At a meeting of the Ecological Society of America this month, there was a presentation at the diversity lunch that was greeted with some dismay, and some outrage that extended to other continents. (I couldn’t find a link about what happened, other than responses on twitter. There was a public letter, but that was taken down. I ate lunch elsewhere, so I can’t describe what happened, and this is a can of worms that would take a lot to unpack, and I’m not equipped to open that can.) Anyway, the ESA published a blog post by the folks who organized this session, in which they describe their activities. If you heard about this, I imagine it could be a useful read.
A new paper came out about a follow-up on an experiment started 20 years ago in Costa Rica by Dan Janzen and Winnie Hallwachs, where tons of waste orange peels were dumped on a pasture to facilitate forest regeneration. It worked.
On bridging the gap between experimentalists and modelers. (I was going to write a post on this topic, as a followup to my experiences at the Ecological Society of America meeting this year. But, ta da! this paper said everything I wanted to, and then some.)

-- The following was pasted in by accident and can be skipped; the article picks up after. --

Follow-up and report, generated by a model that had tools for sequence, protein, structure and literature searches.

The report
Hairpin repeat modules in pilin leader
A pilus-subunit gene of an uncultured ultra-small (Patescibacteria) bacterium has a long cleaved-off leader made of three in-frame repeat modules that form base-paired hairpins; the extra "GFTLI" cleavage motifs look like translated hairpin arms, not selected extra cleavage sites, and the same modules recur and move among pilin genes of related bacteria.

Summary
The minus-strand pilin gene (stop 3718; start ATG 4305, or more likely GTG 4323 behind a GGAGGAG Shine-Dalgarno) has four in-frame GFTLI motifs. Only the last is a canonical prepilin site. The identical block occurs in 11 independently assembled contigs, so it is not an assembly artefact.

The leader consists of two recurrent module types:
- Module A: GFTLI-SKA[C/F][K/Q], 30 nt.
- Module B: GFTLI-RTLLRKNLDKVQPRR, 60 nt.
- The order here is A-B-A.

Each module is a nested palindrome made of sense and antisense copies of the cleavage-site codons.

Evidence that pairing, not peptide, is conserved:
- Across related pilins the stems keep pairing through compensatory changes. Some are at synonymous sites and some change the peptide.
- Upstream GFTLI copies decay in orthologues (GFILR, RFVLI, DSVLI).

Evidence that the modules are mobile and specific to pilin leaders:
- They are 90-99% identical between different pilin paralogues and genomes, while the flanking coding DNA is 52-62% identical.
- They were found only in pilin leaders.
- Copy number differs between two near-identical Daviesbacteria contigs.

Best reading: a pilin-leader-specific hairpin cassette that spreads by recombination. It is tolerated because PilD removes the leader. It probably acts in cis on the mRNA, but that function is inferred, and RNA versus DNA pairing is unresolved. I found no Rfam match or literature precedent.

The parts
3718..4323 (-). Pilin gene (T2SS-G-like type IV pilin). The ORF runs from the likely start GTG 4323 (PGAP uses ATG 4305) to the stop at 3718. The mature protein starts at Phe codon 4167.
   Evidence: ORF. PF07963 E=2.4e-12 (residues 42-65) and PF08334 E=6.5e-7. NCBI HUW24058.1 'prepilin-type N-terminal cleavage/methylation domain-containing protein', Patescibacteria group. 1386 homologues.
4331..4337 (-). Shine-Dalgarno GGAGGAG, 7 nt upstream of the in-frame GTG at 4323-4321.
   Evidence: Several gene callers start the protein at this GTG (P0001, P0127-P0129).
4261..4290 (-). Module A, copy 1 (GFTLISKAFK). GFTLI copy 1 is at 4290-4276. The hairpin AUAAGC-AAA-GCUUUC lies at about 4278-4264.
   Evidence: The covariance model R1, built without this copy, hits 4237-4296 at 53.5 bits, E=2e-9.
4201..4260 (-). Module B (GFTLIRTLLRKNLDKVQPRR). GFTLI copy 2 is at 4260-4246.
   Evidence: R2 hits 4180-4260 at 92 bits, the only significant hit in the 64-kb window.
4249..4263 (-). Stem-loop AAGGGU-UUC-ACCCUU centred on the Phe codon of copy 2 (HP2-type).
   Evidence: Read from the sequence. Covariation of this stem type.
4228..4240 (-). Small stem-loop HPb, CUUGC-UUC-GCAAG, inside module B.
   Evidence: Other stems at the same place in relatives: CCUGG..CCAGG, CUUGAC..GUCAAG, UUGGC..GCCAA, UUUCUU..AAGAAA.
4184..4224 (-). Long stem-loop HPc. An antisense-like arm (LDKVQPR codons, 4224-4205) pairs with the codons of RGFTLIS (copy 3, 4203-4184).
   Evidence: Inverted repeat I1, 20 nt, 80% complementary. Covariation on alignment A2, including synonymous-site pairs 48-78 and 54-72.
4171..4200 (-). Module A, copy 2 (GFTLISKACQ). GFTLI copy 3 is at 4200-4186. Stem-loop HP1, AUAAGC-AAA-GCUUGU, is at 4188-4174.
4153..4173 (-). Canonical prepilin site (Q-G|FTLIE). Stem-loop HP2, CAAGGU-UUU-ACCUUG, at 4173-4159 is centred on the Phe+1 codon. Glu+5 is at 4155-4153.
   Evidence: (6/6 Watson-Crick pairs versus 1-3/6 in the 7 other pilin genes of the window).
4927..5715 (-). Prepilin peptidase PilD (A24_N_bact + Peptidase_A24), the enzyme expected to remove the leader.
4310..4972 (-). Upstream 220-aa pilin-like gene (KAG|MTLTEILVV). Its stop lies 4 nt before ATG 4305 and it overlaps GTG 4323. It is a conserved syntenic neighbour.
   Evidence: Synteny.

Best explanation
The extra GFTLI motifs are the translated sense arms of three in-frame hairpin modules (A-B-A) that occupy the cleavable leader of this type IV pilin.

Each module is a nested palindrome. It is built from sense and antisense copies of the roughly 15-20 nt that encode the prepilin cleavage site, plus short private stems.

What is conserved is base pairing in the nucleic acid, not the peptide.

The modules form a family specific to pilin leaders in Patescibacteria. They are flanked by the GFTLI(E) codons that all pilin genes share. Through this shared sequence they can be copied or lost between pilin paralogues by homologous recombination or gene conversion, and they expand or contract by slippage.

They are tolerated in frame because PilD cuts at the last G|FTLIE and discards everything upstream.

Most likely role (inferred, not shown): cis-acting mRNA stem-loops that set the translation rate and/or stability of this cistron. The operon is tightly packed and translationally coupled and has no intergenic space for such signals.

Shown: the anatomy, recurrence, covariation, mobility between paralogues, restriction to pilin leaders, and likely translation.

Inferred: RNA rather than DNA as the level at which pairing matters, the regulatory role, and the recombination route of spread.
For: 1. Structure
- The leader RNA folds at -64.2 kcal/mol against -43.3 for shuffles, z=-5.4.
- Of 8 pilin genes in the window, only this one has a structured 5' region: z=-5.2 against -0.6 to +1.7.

It was disappointing to learn that Francis Crick wanted to set up a twin study on to figure how why some ethnicities are less intelligent than others, by breaking up twins and having them live with families of different ethnicities. Sigh.
As for what I’m reading non-professionally, I just finished All the Light We Cannot See which is just a wonderfully crafted novel and the prose is what you’d expect from a book than what the Pulitzer Prize for fiction. I just started on the new edition of Sarapiquí Chronicle by Allen Young. The Sympathizer (pictured above) might be next. I hope you have a nice weekend.